Posts Tagged 'RIMM'

APPLE (AAPL): From Innovation To Sustenance

At the time of Steve Jobs death, we wondered how the company would survive, finding solace, but not answers, in a rising stock price. We’re back to wondering.

First, let’s go back in time to a different era when the business was fun and huge compensation packages in return for mediocre efforts were the norm; when institutional investors’ commission budgets had a direct correlation to the ability of their sell-side coverage to navigate around a wine list or was dependent upon how many fistfuls of singles they could carry in their briefcases for a night out on the town; and when CEO’s had a period of adulation that extended beyond that of the latest Billboard #1 single. It was the early 1990′s and I was an institutional salesperson at Salomon Brothers. I had joined Sollie after the Treasury bid rigging scandal, figuring that the bar was set so low that it would be difficult to not stand out because, for the most part, the other senior salespeople who didn’t leave for big contracts at other firms were either lazy or smart enough to know that they were held in higher regard by Sollie management than their skill sets would allow at other firms. I, however, was a research salesperson, not a maitre’d, so I only entertained friends, not clients, because I chose to actually make my living through stock picking prowess. And in choosing this path, I loved companies that were dominant and got there through disruptive technology.

But for all the differences between these two eras of then and now (I never thought I would be in the business long enough to reference different eras but that’s a different discussion), there are a number of similarities and the changing of the guard in innovation is one of them. In the eighties Apple, after much fanfare as the innovator of a new technology for personal computing fell on hard times, exacerbated by the departure of Steve Jobs. In the process it became a single digit midget and instituted a dividend, of all things, in the hopes of drawing greater interest to its stock price. Innovation returned with the return of Jobs although it took a while for a new product cycle to revive the company’s prospects and share price.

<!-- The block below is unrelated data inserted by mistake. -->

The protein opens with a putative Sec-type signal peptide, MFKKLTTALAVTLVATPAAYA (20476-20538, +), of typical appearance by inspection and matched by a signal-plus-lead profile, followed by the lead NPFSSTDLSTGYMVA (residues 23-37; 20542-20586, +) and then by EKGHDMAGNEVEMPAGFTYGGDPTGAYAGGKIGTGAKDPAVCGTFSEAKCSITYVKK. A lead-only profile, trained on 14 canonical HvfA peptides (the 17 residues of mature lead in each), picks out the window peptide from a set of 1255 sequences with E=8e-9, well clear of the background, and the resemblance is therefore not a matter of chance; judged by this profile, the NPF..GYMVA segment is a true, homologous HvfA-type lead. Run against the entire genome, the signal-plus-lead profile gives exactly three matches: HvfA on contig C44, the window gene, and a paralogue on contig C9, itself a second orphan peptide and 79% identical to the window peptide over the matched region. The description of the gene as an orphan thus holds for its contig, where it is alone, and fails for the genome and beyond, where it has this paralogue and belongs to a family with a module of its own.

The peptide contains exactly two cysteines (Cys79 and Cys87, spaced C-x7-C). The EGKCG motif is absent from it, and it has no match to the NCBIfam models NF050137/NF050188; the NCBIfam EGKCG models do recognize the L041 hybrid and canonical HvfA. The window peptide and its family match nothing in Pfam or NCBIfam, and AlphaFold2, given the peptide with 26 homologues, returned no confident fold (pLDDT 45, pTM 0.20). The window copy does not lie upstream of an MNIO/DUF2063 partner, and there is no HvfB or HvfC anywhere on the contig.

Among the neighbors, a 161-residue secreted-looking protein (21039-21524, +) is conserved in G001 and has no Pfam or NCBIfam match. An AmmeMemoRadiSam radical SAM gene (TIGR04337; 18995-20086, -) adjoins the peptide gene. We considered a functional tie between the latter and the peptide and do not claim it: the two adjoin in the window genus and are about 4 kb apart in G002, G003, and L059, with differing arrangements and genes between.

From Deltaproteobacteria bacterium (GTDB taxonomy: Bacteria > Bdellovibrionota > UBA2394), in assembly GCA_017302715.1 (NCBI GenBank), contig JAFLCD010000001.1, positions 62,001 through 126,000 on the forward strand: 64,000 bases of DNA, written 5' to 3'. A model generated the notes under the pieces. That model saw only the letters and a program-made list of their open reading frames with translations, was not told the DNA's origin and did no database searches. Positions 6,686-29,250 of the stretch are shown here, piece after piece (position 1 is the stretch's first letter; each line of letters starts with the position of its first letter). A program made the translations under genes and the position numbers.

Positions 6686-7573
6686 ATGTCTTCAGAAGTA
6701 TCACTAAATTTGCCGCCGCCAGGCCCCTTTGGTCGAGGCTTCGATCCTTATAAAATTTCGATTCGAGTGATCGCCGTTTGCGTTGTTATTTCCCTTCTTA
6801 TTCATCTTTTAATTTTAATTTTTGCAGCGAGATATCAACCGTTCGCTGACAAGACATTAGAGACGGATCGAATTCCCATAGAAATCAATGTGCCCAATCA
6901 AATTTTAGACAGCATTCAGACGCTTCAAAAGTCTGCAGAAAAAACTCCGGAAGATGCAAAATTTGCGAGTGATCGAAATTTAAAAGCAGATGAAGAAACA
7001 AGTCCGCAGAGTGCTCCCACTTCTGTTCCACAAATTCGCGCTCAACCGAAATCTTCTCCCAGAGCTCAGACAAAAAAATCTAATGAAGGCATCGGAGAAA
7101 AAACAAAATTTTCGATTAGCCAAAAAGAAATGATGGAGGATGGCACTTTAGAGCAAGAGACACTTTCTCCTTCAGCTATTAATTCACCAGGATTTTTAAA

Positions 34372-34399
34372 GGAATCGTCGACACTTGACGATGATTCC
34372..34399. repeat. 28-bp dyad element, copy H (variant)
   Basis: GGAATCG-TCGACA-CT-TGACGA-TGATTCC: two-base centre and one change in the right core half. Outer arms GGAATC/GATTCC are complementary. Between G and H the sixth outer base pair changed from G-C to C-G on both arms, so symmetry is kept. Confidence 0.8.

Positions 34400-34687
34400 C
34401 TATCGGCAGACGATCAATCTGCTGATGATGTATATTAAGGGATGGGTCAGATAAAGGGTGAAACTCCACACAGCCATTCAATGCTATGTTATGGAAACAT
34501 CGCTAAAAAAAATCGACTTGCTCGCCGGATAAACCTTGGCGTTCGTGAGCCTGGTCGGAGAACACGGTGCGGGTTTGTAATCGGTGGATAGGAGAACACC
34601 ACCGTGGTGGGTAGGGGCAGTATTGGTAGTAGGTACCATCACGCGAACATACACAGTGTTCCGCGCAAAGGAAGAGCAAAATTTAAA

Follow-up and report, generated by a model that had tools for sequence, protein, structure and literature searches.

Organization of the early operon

Fast forward a few years to when Michael Dell was a rock star, having introduced one of the first virtual business models, essentially the front-runner to the way Amazon does business today. I spent some time with Dell and was duly impressed, marveling at how his real time manufacturing and custom build of PCs drove his stock price to a premium versus the other manufacturers such as Compaq, although its multiple never reached the height lofty heights of Apple’s during the last few years. In fact, even with the sell-off in AAPL, it still enjoys a 50% premium to Dell, even with a supposed bid on the table.

Some of these tech companies were so innovative, powerful, and successful that no one envisioned how far they would eventually fall. Remember when IBM was the niftiest of the nifty 50, only to whither on the vine as mainframe growth slowed and Dell commoditized their PC margins during the early ’90′s. Ultimately IBM came back into favor but never achieved haloed valuation status again.

And there’s Yahoo – the former search innovator struggling to survive; AOL, once most dominant, the only people now using their email service are those of such an advanced age that the arthritis in their hands has prevented them from sending emails for the last 10 years. Sony – the Walkman, the first really portable music player; Motorola – the innovator of the RAZR whose dominance commandeered virtually all the selling space for cell phones, its peak price multiples of what the iPhone retails at.

Then there is Eastman Kodak, patents once so dominant and a franchise once so powerful that not only did it have its own pavilion at the World’s Fair but was also the target of anti-trust lawsuits. Now the only ones making money from EK are bankruptcy lawyers. Add Polaroid, Hewlett Packard, Xerox and even GM and Ford.